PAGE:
A Political History of Romanian Communism, director of the University of Maryland’s Center for the Study of Post-Communist Societies, and president of Romania’s Institute for the Investigation of Communist Crimes

WND Books, Inc. Washington, DC

Copyright © 2013 Ion Mihai Pacepa and Ronald J. Rychlak

All rights reserved. No part of this book may be reproduced in any form or by any means— electronic, mechanical, photocopying, scanning, or otherwise—without permission in writing from the publisher, except by a reviewer, who may quote brief passages in a review.

Book designed by Mark Karis. Cover illustration by Michael di Pietro—inspired by photograph by David Malan.

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First Edition

Hardcover ISBN: 978-1936488605 eBook ISBN: 978-1936488988

Library of Congress information available

Printed in the United States of America 10 9 8 7 6 5 4 3 2 1

To Mary Lou, who helped me look at my past through American eyes. —LT. GEN. ION MIHAI PACEPA

To my daughter Lindsey and all the Lindseys in my life. —PROFESSOR RONALD RYCHLAK

Those who cannot remember the past are condemned to repeat it. —GEORGE SANTAYANA,The Life of Reason, vol. 1, 1905

In Russia, “duck,” aside from its normal meaning, is a term for disinformation. ‘When the ducks are flying’ means that the press is publishing disinformation.

—PAVEL SUDOPLATOV, Deputy Chief of Soviet Foreign Intelligence Special Tasks (Memoirs), 1994

For the transliteration of Russian, we have followed the guidelines of the

United States Board on Geographic Names, with the exception that iy and y have been condensed into a simple y when they occur at the end of first and last names of individuals. A few familiar deviations have been retained, such as Yuri Andropov.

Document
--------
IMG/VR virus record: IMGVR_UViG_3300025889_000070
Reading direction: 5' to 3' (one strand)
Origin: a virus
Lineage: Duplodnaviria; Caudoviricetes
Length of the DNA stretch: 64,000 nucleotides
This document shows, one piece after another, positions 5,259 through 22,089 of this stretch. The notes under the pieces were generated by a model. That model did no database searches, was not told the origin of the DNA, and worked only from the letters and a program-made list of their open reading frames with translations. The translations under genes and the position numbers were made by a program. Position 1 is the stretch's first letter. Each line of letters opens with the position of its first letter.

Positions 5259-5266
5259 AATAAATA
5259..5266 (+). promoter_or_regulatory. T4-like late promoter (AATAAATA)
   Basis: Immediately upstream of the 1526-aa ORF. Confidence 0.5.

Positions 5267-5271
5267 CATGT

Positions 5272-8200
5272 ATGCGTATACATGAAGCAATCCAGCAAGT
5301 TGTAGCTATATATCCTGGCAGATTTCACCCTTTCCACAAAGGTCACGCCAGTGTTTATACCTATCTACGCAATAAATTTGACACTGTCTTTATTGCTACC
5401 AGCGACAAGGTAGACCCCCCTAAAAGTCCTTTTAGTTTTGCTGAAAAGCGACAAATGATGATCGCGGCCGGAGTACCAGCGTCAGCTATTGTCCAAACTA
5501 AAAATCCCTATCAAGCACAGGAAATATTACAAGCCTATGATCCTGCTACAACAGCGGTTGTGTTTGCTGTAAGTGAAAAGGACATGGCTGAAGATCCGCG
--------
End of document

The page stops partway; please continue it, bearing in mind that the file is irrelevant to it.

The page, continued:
Introduction by R. James Woolseyi
Foreword by Paul Kengor, PhDiv
1. Drafted into the Securitate6
2. The True Meaning of Glasnost12
3. Defecting to America2
4. The Black Art of Disinformation30
5. The “Beauty” of Disinformation35
6. Kremlin Framings4
7. Stalin’s Encounter with Catholicism49
8. The Kremlin’s New Enemy52
9. The Failed Birth of “Hitler’s Pope”59
10. Cardinal Stepinac70
1. Cardinal Mindszenty80
12. More Framings89
13. Global War on Religion93
14. The Vatican’s New Crusade103
15. Liberation Theology106
16. Khrushchev’s War on the Vatican1
17. Preparations for Framing Pius XII115
18. The Deputy120

PART I: ANATOMY OF A DISINFORMATION CAMPAIGN: THE CREATION OF “HITLER’S POPE” 19. The Play ................................................................ 127

21. KGB Fingerprints141
2. The Deputy’s Anti-Semitism152
23. The Deputy’s Ideological Roots157
24. Rolf Hochhuth163
25. A New Look at The Deputy174
26. Khrushchev’s Political Necrophagy183
27. Hitler’s Pope, The Book187
28. Andropov’s Cocaine196
29.The End of America’s Innocence207
30. Khrushchev: A Monument to Disinformation219
31. Operation “Dragon”231
32. New Hard Proof of the KGB’s Hand241
3. From Disinformation to Terrorism259
34. Putin Time267
35. From “Hitler’s Pope” to September 1, 2001276
36. The Kremlin’s Nuclear Terrorism281
37. A KGB Empire286
38. Keeping the Lie-Machine Going292
39. The Antiwar Movement297
40. Marx’s Ghost Lives On309
41. Disinformation in Today’s America313
42. From Disinformation to Assassination322